I'm thrilled to have the Texting The Underworld Blog Tour stopping by today with my interview with author Ellen Booream and a giveaway...
Texting The Underworld
by Ellen Booraem
August 15, 2013
Conor O’Neill always thought spiders—and his little sister, Glennie—were the worst kind of monsters life had in store. That was before an inexperienced young banshee named Ashling showed up in his bedroom.
The arrival of a banshee, as Conor soon learns, means only one thing: Someone in his family is going to die. Not only will Ashling not tell him who it is, it turns out that she’s so fascinated by the world above that she insists on going to middle school with him.
The more Ashling gets involved in his life, the harder it becomes to keep her identity a secret from his friends and teachers—and the more Conor worries about his family. If he wants to keep them safe, he’s going to have to do the scariest thing he’s ever done: Pay a visit to the underworld.
If only there were an app for that.
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What three words best describe Texting the Underworld?
Funny, moving, provocative. (I borrowed those from reviews.)
Can you give us your best one sentence pitch to convince readers (especially reluctant readers) to give Texting the Underworld a try?
It’s about death and courage, but also it’s funny and we visit the Underworld.
Grab a copy of Texting the Underworld and answer the following:
Chapter 15, when Conor confronts the dreadful Cailleach, portal guard of the Underworld, and her drooling Irish wolfhound, Dormath. The Cailleach is swathed in a black robe with a “ragged, frosty voice”—she’s a bit scary , but she also has a fretful side that I think is funny.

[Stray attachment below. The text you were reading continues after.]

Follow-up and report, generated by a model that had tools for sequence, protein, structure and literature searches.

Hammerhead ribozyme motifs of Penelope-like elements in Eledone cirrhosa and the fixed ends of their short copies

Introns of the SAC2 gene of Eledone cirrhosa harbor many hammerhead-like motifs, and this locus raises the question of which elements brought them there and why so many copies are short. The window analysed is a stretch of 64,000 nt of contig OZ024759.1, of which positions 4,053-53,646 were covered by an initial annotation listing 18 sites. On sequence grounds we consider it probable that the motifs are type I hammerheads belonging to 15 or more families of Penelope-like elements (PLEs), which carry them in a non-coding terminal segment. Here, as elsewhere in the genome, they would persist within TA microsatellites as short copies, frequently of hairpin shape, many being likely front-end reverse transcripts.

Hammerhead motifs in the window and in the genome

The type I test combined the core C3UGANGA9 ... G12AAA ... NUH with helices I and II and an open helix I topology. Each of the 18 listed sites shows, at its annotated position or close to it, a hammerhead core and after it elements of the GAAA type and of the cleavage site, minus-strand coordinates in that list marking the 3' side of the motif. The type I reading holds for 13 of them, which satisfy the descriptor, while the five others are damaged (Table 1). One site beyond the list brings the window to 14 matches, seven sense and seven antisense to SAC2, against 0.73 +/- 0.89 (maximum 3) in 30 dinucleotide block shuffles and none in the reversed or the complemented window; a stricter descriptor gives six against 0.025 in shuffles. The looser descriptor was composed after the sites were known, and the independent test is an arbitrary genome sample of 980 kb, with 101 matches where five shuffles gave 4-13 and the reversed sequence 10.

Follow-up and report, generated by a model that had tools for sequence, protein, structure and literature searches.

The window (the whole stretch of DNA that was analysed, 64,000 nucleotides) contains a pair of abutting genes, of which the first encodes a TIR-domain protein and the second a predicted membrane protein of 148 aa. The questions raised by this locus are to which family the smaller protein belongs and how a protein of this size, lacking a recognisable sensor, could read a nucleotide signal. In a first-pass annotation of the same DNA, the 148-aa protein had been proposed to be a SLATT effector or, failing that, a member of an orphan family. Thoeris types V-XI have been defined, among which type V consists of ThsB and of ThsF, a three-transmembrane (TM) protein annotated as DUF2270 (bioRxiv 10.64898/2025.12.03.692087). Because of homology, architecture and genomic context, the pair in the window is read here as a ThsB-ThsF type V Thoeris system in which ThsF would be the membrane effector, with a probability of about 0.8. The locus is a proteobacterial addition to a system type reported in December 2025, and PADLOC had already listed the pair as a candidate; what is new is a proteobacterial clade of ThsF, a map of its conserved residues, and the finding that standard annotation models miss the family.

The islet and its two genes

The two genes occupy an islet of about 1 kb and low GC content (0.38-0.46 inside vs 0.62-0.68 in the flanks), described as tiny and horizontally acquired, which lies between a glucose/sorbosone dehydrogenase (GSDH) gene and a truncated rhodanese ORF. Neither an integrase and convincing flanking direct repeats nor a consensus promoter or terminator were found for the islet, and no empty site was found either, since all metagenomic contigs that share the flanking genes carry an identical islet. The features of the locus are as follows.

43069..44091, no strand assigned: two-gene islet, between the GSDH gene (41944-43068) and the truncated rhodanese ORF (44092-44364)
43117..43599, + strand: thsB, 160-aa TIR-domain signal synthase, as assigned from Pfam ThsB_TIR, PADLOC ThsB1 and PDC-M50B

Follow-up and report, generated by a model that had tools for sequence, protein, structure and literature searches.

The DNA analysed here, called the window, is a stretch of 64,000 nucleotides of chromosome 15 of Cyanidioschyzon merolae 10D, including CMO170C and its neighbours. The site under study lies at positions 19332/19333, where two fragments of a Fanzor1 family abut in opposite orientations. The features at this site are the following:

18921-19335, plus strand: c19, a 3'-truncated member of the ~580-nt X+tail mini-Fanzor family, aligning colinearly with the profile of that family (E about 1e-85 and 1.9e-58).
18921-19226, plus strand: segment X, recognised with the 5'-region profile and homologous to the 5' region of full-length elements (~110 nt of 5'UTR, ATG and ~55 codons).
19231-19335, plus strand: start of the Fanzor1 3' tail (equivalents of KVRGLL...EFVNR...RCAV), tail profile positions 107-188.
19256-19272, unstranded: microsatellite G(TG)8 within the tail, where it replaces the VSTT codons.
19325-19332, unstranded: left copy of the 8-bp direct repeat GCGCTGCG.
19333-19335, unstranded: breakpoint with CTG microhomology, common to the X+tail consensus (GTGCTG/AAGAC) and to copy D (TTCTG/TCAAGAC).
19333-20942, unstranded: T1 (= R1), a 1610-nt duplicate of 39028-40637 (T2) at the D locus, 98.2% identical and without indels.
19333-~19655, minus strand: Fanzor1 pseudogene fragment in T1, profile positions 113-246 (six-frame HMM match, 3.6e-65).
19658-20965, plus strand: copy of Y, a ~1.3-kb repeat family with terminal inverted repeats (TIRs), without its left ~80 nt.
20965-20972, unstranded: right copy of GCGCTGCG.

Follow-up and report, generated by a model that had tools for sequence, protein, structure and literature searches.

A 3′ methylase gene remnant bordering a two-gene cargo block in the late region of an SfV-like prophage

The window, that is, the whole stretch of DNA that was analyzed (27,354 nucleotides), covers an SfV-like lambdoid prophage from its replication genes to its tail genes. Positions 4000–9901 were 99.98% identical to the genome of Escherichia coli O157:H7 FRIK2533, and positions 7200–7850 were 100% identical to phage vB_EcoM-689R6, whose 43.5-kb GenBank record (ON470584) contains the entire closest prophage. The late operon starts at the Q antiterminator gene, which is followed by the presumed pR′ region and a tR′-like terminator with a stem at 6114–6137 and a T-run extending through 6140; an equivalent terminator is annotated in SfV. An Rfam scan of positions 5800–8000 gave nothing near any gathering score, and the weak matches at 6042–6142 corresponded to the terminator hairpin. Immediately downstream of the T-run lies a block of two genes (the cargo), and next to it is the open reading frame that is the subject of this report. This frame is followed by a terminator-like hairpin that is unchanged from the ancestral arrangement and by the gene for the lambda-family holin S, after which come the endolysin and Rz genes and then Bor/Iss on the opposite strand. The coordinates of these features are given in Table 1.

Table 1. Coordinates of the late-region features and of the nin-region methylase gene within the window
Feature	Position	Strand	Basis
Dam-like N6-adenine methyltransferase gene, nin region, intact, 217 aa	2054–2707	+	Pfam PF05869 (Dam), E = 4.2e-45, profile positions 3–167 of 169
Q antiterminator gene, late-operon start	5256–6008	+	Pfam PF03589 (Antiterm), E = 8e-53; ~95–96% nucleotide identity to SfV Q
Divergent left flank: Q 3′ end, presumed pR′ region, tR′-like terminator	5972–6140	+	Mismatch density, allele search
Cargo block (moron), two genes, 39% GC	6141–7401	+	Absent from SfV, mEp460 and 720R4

Pages 181-182, when Conor and friends are springing his grandfather from the hospital. The escape involves invisible kids pushing an invisible man in an all-too-visible wheelchair.
Oh dear. If I had to choose, probably Conor. He’s so scared and yet so brave.
Flip to a random page and give us a 1-2 sentence teaser:
“But one thing was almost certain: Whatever she was, monster or girl, Ashling had come for Grump.
“She wasn’t going to get him.”
There's a lot of neat lore about banshees in Texting the Underworld...did you base it on real lore or did you make up your own? Did you do any special banshee research?
I did a lot of banshee research, in books and online. There are a gazillion different versions of banshee lore out there, so I picked the ones that suited me best: My banshee is a red-haired maiden who died too soon and now warns her family of impending death.
I tinkered with tradition a bit in that Ashling transforms from a red-headed girl into a dreadful wraith in order to keen (wail) about the death—in the actual legends she’s either one or the other. One legend says that anyone who sees the banshee will die, so I borrowed a bit of that—if you look at Ashling when she’s a wraith, it’ll kill you. I made up the fact that she can’t do anything supernatural while touching human clothes or other “worldcraft.”
I also introduce the idea that everyone is reincarnated, and that Ashling longs for a new human life.
Texting the Underworld is infused with a lot of mythological elements as well...do you have a favorite mythological person or being?
I’m quite fond of Nergal, the Babylonian Lord of the Dead. He’s half man and half lion, and in Babylonian legend he’s also a god of war and pestilence. My version is in charge of record-keeping in the afterlife, obsessed with finding clues to the big questions of life and death and the universe. He’s a kind fellow, and probably the most level-headed entity in the underworld.